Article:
Triple Helix #4

by Doug Zawisza, Reviewer |

Story by
John Byrne
Art by
John Byrne
Colors by
Leonard O'Grady
Letters by
Tom B. Long
Cover by
John Byrne
Publisher
IDW
Cover Price
$3.99 (USD)
Release Date
Jan 15th, 2014

Mon, January 20th, 2014 at 9:51AM (PST)


John Byrne's "Triple Helix" #4 continues to unveil a new universe of characters from Byrne, beginning with the inhabitants of Polinax IV. A band of super-powered characters called the Conclave is battling a mess of plants and a giant humanoid mass. That fills up the first six pages of this issue before Byrne returns readers to Earth and the events surrounding Triple Helix and Trio, already in progress.

As this series matriculated out of Byrne's efforts in the "Trio" series and continued that band of characters' adventures, so too does it fail to reach a decisive conclusion. In between the scene on Polinax IV and the final page of "Triple Helix" #4, Byrne continues to match the costumed crusaders of the Byrneverse against mechanical terrors in a conflict that might seem familiar to some more seasoned readers of Byrne's work. Rather than completely retread old ground, however, Byrne adds in a significant amount of unpredictability and oddity.

In mixing in those ingredients, Byrne stirs in subplots and teases out reveals that simply don't conclude here. Unfortunately, this is the fourth of four issues, but closure eludes readers and seems to be absent on Byrne's agenda for "Triple Helix" #4. That results in a comic that doesn't conclude, but instead leaves readers with a wide open story, almost expecting something beyond the "KISS Kids" ad that faces the actual final page of this comic book only to be disappointed on a level similar to Ralph Parker after he cracks the code from his Little Orphan Annie secret decoder ring in "A Christmas Story." What could have been a conclusion to a story simply ends with a limp closing.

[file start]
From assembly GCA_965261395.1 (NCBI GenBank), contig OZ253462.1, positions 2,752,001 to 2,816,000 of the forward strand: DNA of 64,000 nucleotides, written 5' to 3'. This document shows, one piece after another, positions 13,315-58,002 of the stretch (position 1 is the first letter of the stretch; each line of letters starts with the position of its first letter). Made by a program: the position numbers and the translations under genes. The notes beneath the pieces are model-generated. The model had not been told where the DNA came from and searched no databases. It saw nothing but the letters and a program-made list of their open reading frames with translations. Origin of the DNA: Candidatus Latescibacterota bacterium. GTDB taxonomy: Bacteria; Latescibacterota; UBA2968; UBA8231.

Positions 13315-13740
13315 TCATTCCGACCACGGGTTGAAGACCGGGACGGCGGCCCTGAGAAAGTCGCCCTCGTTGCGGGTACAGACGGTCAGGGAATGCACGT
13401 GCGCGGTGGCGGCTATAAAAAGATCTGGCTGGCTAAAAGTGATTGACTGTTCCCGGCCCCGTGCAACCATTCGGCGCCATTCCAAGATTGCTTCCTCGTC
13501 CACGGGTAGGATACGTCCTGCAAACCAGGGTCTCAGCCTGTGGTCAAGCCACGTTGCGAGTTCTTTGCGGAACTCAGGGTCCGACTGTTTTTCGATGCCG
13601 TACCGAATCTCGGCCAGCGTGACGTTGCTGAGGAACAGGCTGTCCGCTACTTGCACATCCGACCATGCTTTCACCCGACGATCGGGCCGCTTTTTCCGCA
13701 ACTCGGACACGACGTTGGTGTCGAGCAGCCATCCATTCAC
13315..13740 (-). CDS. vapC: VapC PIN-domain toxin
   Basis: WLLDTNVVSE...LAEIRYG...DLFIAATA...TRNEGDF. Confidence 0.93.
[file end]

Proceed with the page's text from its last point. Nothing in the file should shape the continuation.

"Triple Helix" #4, from page one, is nothing at all like what I expected after investing in the previous three issues. The six pages spent on Polinax IV could have afforded the grander tale of the Triple Helix and Trio teams more room to breathe, instead of constricting their tale into oddly compacted panels. I'm certain taken in the larger context of whatever Byrne has up next, this story will take a different shape and gain finer definition, but after closing the cover to "Triple Helix" #4, I found myself wondering what bait Byrne could possibly put on the hook to lure me back. I suppose we'll all find out in a few months. Until then, I'm maybe going to give this another read to see if there's more to it beyond the expected Byrne art and the unexpected disappointment I found in this comic.

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